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How do we Navigate Change?

22 Mar 2021
Disaster is the mother of revolution - we speak to experimental artist Teresa Peters about revelling in rupture to combine digital and real-life platforms.

The pandemic has taught us how being quiet, slowing down and cooking elaborate meals can help us through feelings of hopelessness. We have seen each other through our best and our worst and over the course of the lockdowns, even those of us that are not particularly ‘crafty’ turned to creativity for comfort, searching for joy through imagination. 

As most parts of our lives deaccelerated, the digital part of our day to day suddenly sped towards its limits of fulfilment by the pandemic. 

Everything was changing and we were truly all navigating this new way of life together. Museums and public spaces closed. We were all working from home and most of our connections were only virtual. We learned that technology is most important to us when it shapes our world and our expectations.  

The past year was by no means an offering of strictly positive answers, and one thing is for sure; Coronavirus has made us feel human. 

Interdisciplinary fusion

Teresa Peters is a ceramic and clay artist that has realised her new body of work by combining digital and ancient technologies. 

Archived digitally, DISASTROUS FORMS is an online platform offering as well as a dynamic public space where art circulates curiously without physical proximity of the regular exhibition, transforming individual exploration into accessible experience. 

The interdisciplinary ideas on how to stage an exhibition when museums and exhibition spaces are closed is about introducing radical solutions to this change. We know that approaching problems through constraint leads to prototyping and greater creativity.

 In the case of DISASTROUS FORMS, it’s all about building a digital solution as a pathway to communication and audience access. 

Leveraging the nonlinear and digital storytelling was a way to enter the physical and material aspect of the clay as well as the objects of the museum collections. 

“I am interested in and come from a tradition of art that extends itself outside the perimeters of the gallery, as my parents were forerunners in conceptual, experimental and land art in New Zealand in the 1970s,” explains Peters.

“The digital platforms and this exhibition have, in hindsight, inadvertently taken the form of a virus. An abstraction that can navigate space in a different way than a gallery show. The virtual space is paradoxly physical. Like the pandemic, it is abstract and physically vast and at once very intimate. 

“My first goal was to become part of the museum, and I am so excited that DISASTROUSFORMS.COM and accompanying essay is archived as a topic with Auckland Museum Collections Online, where the project also found its inspiration. But in a sense, the shape of the exhibition and its alternate platforms becomes not only part of the museum but something uncannily present, part of history.”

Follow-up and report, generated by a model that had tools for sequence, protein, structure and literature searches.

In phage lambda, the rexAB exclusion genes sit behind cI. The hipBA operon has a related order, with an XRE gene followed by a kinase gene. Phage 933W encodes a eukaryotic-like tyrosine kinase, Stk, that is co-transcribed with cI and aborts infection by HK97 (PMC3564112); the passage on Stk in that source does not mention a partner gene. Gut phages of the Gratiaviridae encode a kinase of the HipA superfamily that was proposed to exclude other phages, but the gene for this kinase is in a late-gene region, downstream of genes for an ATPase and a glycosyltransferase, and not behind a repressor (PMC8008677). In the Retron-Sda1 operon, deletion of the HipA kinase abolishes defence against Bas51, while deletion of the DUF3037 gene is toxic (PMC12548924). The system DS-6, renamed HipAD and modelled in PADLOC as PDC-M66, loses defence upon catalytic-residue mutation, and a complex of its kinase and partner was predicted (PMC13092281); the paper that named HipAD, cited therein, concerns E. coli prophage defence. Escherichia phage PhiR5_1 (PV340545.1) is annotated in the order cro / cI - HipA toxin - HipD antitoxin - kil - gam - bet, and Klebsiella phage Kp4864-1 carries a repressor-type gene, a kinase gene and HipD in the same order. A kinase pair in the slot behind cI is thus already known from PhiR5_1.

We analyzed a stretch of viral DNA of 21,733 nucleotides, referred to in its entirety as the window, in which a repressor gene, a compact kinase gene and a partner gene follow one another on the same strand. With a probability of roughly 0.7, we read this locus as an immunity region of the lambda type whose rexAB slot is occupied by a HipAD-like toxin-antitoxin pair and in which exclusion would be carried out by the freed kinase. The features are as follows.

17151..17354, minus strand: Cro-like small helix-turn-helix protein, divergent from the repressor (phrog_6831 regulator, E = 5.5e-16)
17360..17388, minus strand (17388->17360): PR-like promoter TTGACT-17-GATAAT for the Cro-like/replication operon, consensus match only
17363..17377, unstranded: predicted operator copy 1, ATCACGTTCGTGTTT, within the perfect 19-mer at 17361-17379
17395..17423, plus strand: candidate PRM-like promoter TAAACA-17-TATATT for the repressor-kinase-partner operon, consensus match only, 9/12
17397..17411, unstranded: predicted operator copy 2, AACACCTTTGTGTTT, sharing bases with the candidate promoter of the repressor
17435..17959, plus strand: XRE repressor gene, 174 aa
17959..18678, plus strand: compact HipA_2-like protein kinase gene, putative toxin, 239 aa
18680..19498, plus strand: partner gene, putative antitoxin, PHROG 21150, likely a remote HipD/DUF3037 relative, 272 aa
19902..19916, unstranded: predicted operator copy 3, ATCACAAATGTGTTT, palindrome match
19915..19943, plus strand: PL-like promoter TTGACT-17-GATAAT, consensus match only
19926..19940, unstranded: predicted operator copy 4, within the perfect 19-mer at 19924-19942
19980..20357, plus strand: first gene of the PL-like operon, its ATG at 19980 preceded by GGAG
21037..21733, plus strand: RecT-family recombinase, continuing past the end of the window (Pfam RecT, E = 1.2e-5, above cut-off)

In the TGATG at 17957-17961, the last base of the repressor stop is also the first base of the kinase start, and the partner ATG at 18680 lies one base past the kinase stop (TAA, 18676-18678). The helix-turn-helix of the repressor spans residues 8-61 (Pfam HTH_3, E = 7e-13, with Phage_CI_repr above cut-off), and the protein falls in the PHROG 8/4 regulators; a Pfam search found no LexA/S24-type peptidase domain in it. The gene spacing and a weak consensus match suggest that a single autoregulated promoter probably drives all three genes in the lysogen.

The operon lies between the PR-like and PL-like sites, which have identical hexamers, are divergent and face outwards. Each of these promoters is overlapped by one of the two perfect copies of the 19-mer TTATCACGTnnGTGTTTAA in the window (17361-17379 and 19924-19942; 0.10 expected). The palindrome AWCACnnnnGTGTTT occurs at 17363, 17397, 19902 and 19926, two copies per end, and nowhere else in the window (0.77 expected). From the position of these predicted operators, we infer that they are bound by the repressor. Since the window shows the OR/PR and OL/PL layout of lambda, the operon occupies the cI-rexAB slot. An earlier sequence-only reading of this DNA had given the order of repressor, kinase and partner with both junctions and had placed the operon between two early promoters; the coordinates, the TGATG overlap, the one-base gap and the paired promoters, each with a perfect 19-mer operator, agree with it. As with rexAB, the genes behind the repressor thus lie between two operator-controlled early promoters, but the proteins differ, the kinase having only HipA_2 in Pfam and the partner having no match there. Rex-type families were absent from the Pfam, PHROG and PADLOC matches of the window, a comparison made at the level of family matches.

DISASTROUS FORMS 2020 - Teresa Peters. 

Peters continues “of course this extends to the practical level that the platform, like so many right now, is responding to the times. This was highlighted as the project was launched during a lockdown with all cultural institutions closed. 

“I think websites and social media accounts are pretty interesting archives right now. FB just asked me what will happen to my account when I die, a friend suggested Instagram saves as a funeral eulogy.”

Curiosity in your hands

As with most things in life, we gravitate towards the attractive. The aesthetic in combination with digital and its usability proved to be just the right dose to feed our curiosity rabbit hole. 

DISASTROUS FORMS is a way of entering a pick-your-own pathway to conceptual art and ceramics by utilising the familiar and trusted collections online aesthetic. By facilitating people’s experience it serves as a gateway to particular audiences that are often put off by it. It’s accessible, it’s inclusive and it’s transferable regardless of the space that it’s experienced in, without simplifying or sacrificing the form. It places curiosity as a driver for dialogue towards understanding contexts. 

“My practice is involved with connecting to something primal or an essential connection between us as humans and all living entities, also those past - fossils etc. Touch to raw clay and the curious intimacy that we are the otherworldly. 

“Clay and ceramics are interesting as mediums as it harks back to ancient art and technologies – the original vessel and also to archaeology. But in this pivotal moment, it navigates a timeless space between the prehistoric and the futuristic - natural history and science fiction. 

“This is when the fusion with technology is interesting. Technology has become such a predominant aspect of our contemporary lives. I like to hope that by navigating wider platforms, pathways and everyday technologies, you can tap into a wider audience.  But people do move in categories so it’s hard to say if people will respond to things outside their norms.”

Positive disaster

DISASTROUS FORMS 2020 - Teresa Peters.